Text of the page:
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Carbon capture bill violates property rights

Deep underground are microscopic areas of space between grains of rock that can absorb and hold liquids. The oil and gas industry wants to use these miniscule pockets for Carbon Capture and Storage (CCS) to “reduce” harmful emissions of C02. Carbon captured at smokestacks of gas-fired power plants will be transported to underground storage known as “pore space.”

What can go wrong? There are many environmental and safety concerns at play.

Injecting liquid into “pore space” increases pressure, which can cause fault lines to slip and result in earthquakes or explosions. It can also contaminate the groundwater supply. And CO2 can leak from faults in the reservoir or placement near abandoned wells.

Residents of Satartia, Mississippi can tell you these possibilities are no idle threat. In 2020, a CO2 pipeline ruptured, leaving dozens of people in a toxic cloud gasping for air, nauseated and confused. For months afterwards townspeople suffered from chronic fatigue and lung and stomach issues. Some have never recovered.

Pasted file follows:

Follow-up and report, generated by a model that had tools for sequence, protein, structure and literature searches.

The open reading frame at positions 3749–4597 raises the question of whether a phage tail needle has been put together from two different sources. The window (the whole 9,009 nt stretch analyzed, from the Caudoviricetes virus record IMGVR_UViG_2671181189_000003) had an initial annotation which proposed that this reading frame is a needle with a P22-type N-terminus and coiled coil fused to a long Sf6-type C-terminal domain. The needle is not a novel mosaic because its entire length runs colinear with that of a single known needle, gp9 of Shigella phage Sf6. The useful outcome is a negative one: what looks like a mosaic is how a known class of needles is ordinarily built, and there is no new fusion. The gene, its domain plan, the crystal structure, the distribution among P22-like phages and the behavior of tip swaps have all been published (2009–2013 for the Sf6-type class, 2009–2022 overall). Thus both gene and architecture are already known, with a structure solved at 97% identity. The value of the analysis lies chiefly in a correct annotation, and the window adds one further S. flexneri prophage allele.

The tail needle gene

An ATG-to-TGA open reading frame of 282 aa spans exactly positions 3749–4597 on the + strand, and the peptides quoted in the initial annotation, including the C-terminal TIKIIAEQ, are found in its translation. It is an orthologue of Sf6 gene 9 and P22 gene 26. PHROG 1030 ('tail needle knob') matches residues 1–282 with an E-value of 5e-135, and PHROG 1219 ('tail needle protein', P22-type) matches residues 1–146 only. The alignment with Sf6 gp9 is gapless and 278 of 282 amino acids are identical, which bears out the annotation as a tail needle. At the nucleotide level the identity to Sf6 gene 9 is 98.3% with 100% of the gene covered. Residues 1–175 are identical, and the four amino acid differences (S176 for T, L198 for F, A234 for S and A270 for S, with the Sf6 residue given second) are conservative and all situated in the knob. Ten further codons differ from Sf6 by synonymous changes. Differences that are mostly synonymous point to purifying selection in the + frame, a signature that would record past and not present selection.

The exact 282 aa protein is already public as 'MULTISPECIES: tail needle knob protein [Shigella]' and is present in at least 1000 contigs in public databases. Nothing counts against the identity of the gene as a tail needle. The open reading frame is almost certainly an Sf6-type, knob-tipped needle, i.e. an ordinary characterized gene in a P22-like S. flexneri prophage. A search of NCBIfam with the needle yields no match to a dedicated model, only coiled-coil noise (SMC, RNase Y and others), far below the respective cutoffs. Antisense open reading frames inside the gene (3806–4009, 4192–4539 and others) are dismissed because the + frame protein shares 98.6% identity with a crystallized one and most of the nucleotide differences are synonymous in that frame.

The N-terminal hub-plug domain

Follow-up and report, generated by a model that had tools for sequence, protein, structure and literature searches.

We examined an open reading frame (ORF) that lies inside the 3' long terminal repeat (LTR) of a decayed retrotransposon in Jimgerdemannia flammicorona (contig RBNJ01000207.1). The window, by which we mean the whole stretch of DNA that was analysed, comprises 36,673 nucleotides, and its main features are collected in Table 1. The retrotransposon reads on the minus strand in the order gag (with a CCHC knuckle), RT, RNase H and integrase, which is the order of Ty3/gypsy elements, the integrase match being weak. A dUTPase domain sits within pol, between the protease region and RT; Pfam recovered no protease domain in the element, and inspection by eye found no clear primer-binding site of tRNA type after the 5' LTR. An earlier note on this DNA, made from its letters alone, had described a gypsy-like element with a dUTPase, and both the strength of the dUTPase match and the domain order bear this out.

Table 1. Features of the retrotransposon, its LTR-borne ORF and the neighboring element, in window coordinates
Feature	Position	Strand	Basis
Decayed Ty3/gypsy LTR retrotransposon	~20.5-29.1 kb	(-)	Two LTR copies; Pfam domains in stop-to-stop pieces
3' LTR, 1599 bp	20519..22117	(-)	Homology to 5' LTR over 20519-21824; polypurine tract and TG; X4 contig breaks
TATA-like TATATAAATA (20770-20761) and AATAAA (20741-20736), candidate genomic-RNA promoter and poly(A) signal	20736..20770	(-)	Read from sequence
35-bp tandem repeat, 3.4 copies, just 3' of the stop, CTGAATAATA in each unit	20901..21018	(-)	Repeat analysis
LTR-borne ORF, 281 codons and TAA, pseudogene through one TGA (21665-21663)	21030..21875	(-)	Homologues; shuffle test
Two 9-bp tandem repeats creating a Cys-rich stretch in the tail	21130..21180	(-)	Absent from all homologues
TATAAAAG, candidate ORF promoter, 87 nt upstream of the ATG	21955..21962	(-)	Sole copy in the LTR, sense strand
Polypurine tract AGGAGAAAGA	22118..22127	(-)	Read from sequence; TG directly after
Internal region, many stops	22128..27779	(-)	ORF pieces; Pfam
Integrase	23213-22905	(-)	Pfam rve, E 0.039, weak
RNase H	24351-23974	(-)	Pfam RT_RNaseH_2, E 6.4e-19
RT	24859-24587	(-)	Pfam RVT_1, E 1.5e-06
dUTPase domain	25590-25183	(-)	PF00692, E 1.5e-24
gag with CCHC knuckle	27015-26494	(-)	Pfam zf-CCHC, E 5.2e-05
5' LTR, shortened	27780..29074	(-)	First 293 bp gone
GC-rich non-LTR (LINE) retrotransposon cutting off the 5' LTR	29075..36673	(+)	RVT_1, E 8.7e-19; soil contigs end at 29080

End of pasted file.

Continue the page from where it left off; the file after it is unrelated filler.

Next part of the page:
This is not the future we want for Pennsylvanians.

Under an old law, Pennsylvania landowners possess rights to the pore space under their property, but no legal protections exist. A bill passed by the Senate, though, would allow “forced pooling.” If 60% of your neighbors say yes to the lease of their pore space, you don't get to say no. The right to protect your own health and safety is taken away.

 While carbon capture is promoted as a solution to climate change and receives the support of the administration and industry, both scientists and frontline communities are critical of its potentially devastating impacts.

LTE originally printed June 20, 2024 in the Scranton Times-Tribune.

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